An international research study has led to a breakthrough that gives new insight into how tinnitus, and the often co-occurring hyperacusis, might develop. In a study article to be published in a forthcoming edition of eLife, researchers from the University at Buffalo in New York, Southeast University in China, and Dalhousie University in Nova Scotia, suggest that the neural network responsible for tinnitus and hyperacusis is more expansive than previously thought. Their findings could lead to a testable model that helps to identify what region or regions of the brain might be responsible for causing the two conditions.
According to an announcement from University at Buffalo (UB), now that the researchers have conceptualized a broader and more comprehensive neural network involved in these conditions, they hope to test the model by deactivating specific segments of the neural network. Through a process of elimination they would learn if shutting down one part of that network relieves tinnitus, hyperacusis, or both conditions.
Previous studies showed that tinnitus symptoms could persist even if a patient was deaf, which indicated brain and neural involvement.
“This changed the thinking in the field,” said Richard J. Salvi, PhD, director of UB’s Center for Hearing and Deafness, and one of the study’s authors. “Having severed the neural connection between the ear and the brain, it’s impossible for the phantom sound to be generated in the ear. It has to be generated in the brain.”
As described in their research article, tinnitus is not a disease, but a symptom that is characterized by phantom sounds—patients experience ringing, buzzing or other sounds in their ears—in the absence of actual sounds. The authors describe hyperacusis as a condition that causes sounds to be perceived as intolerably loud. Existing treatments for these two conditions are considered to be unreliable, either not working at all or varying greatly in efficacy.
Though it’s not known yet exactly where and how tinnitus occurs in the brain, Salvi reports that the research team’s functional MRI studies show the abnormal activity underlying tinnitus and hyperacusis isn’t confined to a specific brain location, but actually involves a neural network. Unlike traditional MRIs, which show only structure, functional MRIs show what parts of the structure are active at a given time, while functional connectivity MRI reveals how one part of the brain interacts with other regions.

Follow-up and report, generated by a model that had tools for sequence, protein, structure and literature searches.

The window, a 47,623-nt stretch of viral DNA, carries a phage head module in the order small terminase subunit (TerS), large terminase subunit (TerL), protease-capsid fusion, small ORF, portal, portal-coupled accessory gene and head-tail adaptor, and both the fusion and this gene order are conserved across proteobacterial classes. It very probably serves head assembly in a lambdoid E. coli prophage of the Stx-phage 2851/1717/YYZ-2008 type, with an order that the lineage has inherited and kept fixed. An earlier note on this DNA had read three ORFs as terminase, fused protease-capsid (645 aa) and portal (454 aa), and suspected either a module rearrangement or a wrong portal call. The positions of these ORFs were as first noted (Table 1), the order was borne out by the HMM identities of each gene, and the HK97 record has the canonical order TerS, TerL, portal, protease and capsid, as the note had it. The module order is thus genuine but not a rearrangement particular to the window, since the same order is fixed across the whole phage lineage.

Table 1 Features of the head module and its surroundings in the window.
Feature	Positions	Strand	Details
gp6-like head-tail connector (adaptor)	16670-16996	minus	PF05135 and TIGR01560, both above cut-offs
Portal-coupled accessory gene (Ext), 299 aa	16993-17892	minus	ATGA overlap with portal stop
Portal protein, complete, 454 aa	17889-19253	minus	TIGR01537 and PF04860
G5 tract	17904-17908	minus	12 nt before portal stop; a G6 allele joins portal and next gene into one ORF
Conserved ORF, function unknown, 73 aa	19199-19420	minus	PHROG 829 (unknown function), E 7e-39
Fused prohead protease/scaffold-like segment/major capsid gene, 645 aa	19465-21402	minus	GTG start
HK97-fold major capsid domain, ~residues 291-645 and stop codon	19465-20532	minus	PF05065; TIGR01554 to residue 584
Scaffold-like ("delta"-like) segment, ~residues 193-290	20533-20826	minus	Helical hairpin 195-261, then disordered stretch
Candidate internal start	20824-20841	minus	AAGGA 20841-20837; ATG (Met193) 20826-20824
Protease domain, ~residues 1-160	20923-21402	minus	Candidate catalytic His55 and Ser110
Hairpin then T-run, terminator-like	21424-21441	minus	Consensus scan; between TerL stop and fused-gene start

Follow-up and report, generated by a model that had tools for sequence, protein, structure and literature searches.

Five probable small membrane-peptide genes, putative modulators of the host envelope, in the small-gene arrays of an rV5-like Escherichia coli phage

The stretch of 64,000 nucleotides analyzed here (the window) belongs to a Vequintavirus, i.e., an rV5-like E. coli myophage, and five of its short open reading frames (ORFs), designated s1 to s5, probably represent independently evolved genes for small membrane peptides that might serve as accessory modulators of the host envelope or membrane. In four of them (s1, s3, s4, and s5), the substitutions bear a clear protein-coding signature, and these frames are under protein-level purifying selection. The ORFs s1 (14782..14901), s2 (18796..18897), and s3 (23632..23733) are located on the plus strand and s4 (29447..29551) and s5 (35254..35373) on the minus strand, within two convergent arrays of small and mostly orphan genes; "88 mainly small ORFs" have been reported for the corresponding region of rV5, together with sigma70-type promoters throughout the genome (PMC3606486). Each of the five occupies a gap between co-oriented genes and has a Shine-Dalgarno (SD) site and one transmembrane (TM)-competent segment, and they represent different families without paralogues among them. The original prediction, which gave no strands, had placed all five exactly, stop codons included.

The researchers reportedly induced tinnitus in rats by administering the active ingredient in aspirin, which has long been known to produce tinnitus and hyperacusis symptoms in humans.
“Certain brain regions become very active once tinnitus is induced, much more so than it is for an animal with normal hearing,” Salvi said via the UB announcement. “Even though high-dose aspirin induces a hearing loss and less information is being sent from the ear to the brain as a result, the brain responds with greater activity. It’s paradoxical, like a car getting better gas mileage with a less efficient engine.”
According to their article, the researchers traced the network’s course and identified a major hub within the central auditory pathway, the sound processing center of the brain.
“Other research has shown this activity, but what is novel about the current study is the amygdala pops up,” said Salvi. “This is the part of the brain that assigns emotion to our perceptions. Many patients report the onset of tinnitus after experiencing significant stress or anxiety. We think it’s not just the hearing loss that’s essential. There are other emotional factors working together with the auditory factors.”
The study authors report that the reticular formation, the center involved in the “fight or flight” response, is active too. Also active is the hippocampus, the memory region of the brain that helps identify where things are located. The researchers say that the auditory system is connecting sound to a location—in this case, the ear—along with emotion. The investigative team was surprised to discover that the cerebellum is also active, a center normally activated during motor planning events like catching a ball.
Salvi reports that the cerebellum might act as a “gate” that allows the phantom sound to enter the consciousness.
Other research conducted by Richard J. Salvi and colleagues was described in a March 23, 2015 articles in The Hearing Review.
Source: University at Buffalo
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